Debden is a small rural village in the Uttlesford district of Essex in the East of England. It is located 4 miles (6 km) from Saffron Walden and 17 miles (27 km) from Cambridge.
RAF Debden is nearby and played a role in the Second World War.
Since 2007 the village has shared twin status with the village of Tang Ting in rural Nepal.
The village was recorded in the Domesday Book of 1086 as Depeduna (deep valley), and became known as Debden at the time of the Napoleonic Wars.
After the Norman conquest the manor of Debden was granted to Ralph Peverel, but reverted to the crown after Peverel's grandson, William Peverel the Younger, poisoned the Earl of Chester. King John later granted the manor to Geoffrey Fitzpeter, 1st Earl of Essex and it descended in that family until becoming Crown land again. Henry VIII granted it to Lord Audley, from whom it descended to his grandson, Thomas Howard, Baron Howard de Walden and Earl of Suffolk. It was acquired in 1715 by wealthy merchant Richard Chiswell, MP and remained in the Chiswell family for some 100 years. It then passed by marriage to the Vincent family who held it until 1882 when Mrs Cely-Trevilian, the last member of the family, sold it to William Fuller-Maitland of Stansted Mountfitchet Hall. By the First World War it had come into the possession of Lord Strathcona and Mount Royal. Later owners found Debden Hall too expensive to maintain, and so the house was demolished and part of the estate sold off in 1935.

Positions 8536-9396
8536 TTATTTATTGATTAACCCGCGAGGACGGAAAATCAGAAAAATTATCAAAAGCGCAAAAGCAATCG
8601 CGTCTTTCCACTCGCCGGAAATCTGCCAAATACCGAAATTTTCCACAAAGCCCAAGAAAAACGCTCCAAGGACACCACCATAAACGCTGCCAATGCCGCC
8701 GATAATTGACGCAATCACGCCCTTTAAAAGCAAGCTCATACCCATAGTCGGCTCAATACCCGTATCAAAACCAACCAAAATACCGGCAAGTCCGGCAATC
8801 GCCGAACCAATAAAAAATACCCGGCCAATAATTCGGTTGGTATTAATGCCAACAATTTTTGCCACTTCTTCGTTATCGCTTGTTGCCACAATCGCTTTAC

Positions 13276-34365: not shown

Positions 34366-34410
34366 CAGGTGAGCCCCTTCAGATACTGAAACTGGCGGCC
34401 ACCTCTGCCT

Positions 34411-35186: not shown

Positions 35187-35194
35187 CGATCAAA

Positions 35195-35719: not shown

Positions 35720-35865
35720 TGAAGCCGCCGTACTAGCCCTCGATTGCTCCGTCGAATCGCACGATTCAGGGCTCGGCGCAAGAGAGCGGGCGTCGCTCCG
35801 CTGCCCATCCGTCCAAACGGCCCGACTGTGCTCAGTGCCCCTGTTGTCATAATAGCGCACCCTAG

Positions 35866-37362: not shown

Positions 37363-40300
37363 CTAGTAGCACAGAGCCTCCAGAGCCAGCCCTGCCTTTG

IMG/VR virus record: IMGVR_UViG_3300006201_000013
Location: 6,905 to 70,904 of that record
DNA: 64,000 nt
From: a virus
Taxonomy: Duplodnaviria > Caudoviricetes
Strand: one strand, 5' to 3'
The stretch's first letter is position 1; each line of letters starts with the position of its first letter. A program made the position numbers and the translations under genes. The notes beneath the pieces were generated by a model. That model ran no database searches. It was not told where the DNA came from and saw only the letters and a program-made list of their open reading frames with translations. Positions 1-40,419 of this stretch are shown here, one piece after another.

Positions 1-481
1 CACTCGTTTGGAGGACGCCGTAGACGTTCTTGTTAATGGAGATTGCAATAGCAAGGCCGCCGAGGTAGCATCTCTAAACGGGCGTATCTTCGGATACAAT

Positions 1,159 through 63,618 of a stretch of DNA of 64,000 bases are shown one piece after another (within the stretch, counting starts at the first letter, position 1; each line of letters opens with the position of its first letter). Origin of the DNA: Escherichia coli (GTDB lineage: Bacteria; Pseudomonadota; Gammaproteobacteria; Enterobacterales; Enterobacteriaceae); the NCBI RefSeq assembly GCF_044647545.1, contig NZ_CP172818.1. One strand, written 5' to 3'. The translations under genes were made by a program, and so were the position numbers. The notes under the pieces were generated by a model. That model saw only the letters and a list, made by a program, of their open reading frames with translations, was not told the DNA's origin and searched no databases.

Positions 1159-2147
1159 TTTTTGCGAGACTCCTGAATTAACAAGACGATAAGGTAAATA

Church of St Mary the Virgin and All Saints
High Street, Debden in July 2012
The Hundred Parishes